In your groups consider the answer to these questions.
The seller must deliver the goods, hand over any documents relating to them and transfer the property in the goods, as required by the contract and this Convention
This Convention governs only the formation of the contract of sale and the rights and obligations of the seller and the buyer arising from such a contract.
In particular, except as otherwise expressly provided in this Convention, it is not concerned with:
(a) the validity of the contract or of any of its provisions or of any usage;
(b) the effect which the contract may have on the property in the goods sold.
Property passes when intended to pass.
(1) Where there is a contract for the sale of specific or ascertained goods the property in them is transferred to the buyer at such time as the parties to the contract intend it to be transferred.
(2) For the purpose of ascertaining the intention of the parties regard shall be had to the terms of the contract, the conduct of the parties and the circumstances of the case.
Rules for ascertaining intention.
Unless a different intention appears, the following are rules for ascertaining the intention of the parties as to the time at which the property in the goods is to pass to the buyer.
Rule 1. —Where there is an unconditional contract for the sale of specific goods in a deliverable state the property in the goods passes to the buyer when the contract is made, and it is immaterial whether the time of payment or the time of delivery, or both, be postponed.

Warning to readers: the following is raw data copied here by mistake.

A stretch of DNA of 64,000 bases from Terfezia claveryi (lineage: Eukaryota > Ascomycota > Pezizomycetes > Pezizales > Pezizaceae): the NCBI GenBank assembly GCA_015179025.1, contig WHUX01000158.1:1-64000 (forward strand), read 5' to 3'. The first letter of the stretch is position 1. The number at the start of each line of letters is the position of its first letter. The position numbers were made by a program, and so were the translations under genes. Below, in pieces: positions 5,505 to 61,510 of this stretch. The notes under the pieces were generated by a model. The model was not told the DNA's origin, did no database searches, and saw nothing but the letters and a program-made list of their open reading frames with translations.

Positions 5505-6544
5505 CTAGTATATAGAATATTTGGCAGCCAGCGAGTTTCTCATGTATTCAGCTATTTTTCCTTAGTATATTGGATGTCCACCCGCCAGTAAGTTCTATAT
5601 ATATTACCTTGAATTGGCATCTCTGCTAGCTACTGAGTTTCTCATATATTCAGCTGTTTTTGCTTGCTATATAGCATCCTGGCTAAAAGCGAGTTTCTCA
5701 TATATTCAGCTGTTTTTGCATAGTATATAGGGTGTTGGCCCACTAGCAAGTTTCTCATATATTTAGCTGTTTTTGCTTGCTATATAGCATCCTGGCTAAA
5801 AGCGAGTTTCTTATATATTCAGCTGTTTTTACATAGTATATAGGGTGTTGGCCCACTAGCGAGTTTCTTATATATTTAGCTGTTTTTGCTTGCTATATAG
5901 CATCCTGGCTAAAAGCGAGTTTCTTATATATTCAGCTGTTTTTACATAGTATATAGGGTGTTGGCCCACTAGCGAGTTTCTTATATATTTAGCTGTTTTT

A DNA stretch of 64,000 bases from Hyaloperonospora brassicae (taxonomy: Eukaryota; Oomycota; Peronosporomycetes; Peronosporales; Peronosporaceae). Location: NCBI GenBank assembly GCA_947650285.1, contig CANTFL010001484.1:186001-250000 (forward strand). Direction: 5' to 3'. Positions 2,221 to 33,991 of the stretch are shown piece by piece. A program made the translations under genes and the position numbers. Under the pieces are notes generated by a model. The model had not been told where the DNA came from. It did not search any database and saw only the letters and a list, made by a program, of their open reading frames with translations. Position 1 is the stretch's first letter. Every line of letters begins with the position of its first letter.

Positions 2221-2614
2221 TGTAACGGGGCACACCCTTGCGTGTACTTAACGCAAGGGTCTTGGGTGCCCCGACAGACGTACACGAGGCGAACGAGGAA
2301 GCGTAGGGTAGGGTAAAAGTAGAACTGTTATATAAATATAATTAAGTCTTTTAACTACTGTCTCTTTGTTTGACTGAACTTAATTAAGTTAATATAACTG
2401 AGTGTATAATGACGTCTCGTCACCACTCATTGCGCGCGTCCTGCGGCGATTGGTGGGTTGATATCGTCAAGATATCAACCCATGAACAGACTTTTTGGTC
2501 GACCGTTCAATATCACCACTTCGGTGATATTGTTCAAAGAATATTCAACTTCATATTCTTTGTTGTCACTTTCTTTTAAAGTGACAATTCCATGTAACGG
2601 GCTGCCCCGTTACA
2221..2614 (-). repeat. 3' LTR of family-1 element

Article 3:84 Requirements for a transfer1. The transfer of property requires delivery pursuant to a valid legal basis by the person with power of disposition over that property.
Article 3:90 Formal delivery of movable property1. The formal delivery, necessary for the transfer of non-registered movable things that at that moment are in the possession of the alienator, is performed by transferring the possession of that thing to the acquiring party
Section929 - Agreement and delivery
For the transfer of the ownership of a movable thing, it is necessary that the owner delivers the thing to the acquirer and both agree that ownership is to pass.
As part of a large scale project, two businesses plan the sale of two machines. However, without the parties’ knowledge, the contractual relationship, including the contract is void, the seller delivers the machines to the first purchaser in order to fulfill his contractual obligation. The parties believe that there is a binding agreement and agree that the machines now belong to the purchaser.
In your home legal order, what solutions would exist for the seller?